Henri Lefebvre on education: Critique and pedagogy
Middleton, S. (2016). Henri Lefebvre on education: Critique and pedagogy. Policy Futures in Education, 1–17. https://doi.org/10.1177/1478210316676001
Permanent Research Commons link: http://hdl.handle.net/10289/11099
The ‘spatial turn’ in education policy studies fuelled interest in Lefebvre’s work: initially, in his work Production of Space and, more recently, Rhythmanalysis and Right to the City. Yet, although in these texts Lefebvre critiques universities and schools and introduces original pedagogical concepts, their educational strands have attracted little attention. Lefebvre’s other works available in English have been largely overlooked in education literature. As France’s first Professor of Sociology, Lefebvre was passionately engaged with education: in particular, teaching, competing for government grants and leading student activism. Critiques of education are threaded through Lefebvre’s three-volume Critique of Everyday Life, his writings on architecture and anthologies. Lefebvre’s work, The Explosion, is surprisingly neglected. A critique of French universities, it analyses student protests across Paris in 1968 – events in which Lefebvre was a leading activist. In geography and philosophy there are burgeoning secondary literatures on Lefebvre. Laying groundwork for such a literature in education, I survey Lefebvre’s references to education in all the works available in English. Arguing that Lefebvre was an educational thinker in his own right, this paper sketches a ‘roadmap’ for educational readings of Lefebvre’s prolific and largely sociological writing. This paper falls into three parts. The first uncovers core Marxist and phenomenological foundations of Lefebvre’s critiques of universities and schools. Building on these, it introduces Lefebvre’s pedagogical concepts. The second part contextualises these in relation to ‘New’ (or ‘Progressive’) education movements at ‘critical moments’ of 20th-century history. It includes a case study of one such moment – the 1968 Parisian student uprising – then outlines Lefebvre’s summation of education in the late 20th century. The third part draws together four ‘Lefebvrian’ pedagogical principles and considers their relevance today. Educational readings of Lefebvre, I suggest, can help educationists identify ‘cracks or interstices’ in ‘technocratic rationality’, suggesting strategies for resisting contemporary neo-liberal regimes.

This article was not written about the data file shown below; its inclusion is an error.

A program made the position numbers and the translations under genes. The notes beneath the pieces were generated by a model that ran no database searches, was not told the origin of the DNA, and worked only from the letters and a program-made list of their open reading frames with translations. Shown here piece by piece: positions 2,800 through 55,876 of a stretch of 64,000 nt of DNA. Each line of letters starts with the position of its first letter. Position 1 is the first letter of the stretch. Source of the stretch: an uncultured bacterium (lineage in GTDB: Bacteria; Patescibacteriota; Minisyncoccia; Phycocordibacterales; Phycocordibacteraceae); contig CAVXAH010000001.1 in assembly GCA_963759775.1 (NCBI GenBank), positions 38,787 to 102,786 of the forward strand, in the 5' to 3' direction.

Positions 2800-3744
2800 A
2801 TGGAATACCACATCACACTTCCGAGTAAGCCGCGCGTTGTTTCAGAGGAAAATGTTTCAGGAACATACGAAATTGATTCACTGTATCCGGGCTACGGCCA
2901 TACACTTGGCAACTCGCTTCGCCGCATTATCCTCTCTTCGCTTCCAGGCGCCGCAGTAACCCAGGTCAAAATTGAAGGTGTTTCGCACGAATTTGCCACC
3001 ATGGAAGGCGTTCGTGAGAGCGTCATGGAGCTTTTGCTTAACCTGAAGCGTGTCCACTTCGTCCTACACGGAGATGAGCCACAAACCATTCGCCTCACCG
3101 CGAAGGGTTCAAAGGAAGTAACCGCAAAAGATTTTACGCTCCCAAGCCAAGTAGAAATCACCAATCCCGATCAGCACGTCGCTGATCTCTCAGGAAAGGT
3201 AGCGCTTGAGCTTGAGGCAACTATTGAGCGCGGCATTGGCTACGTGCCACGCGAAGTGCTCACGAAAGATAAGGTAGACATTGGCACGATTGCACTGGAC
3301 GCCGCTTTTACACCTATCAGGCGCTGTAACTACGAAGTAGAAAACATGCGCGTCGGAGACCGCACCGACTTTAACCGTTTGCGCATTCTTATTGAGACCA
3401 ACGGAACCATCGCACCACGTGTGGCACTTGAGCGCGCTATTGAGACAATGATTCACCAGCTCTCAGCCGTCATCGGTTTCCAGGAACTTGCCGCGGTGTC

© Author(s) 2016.
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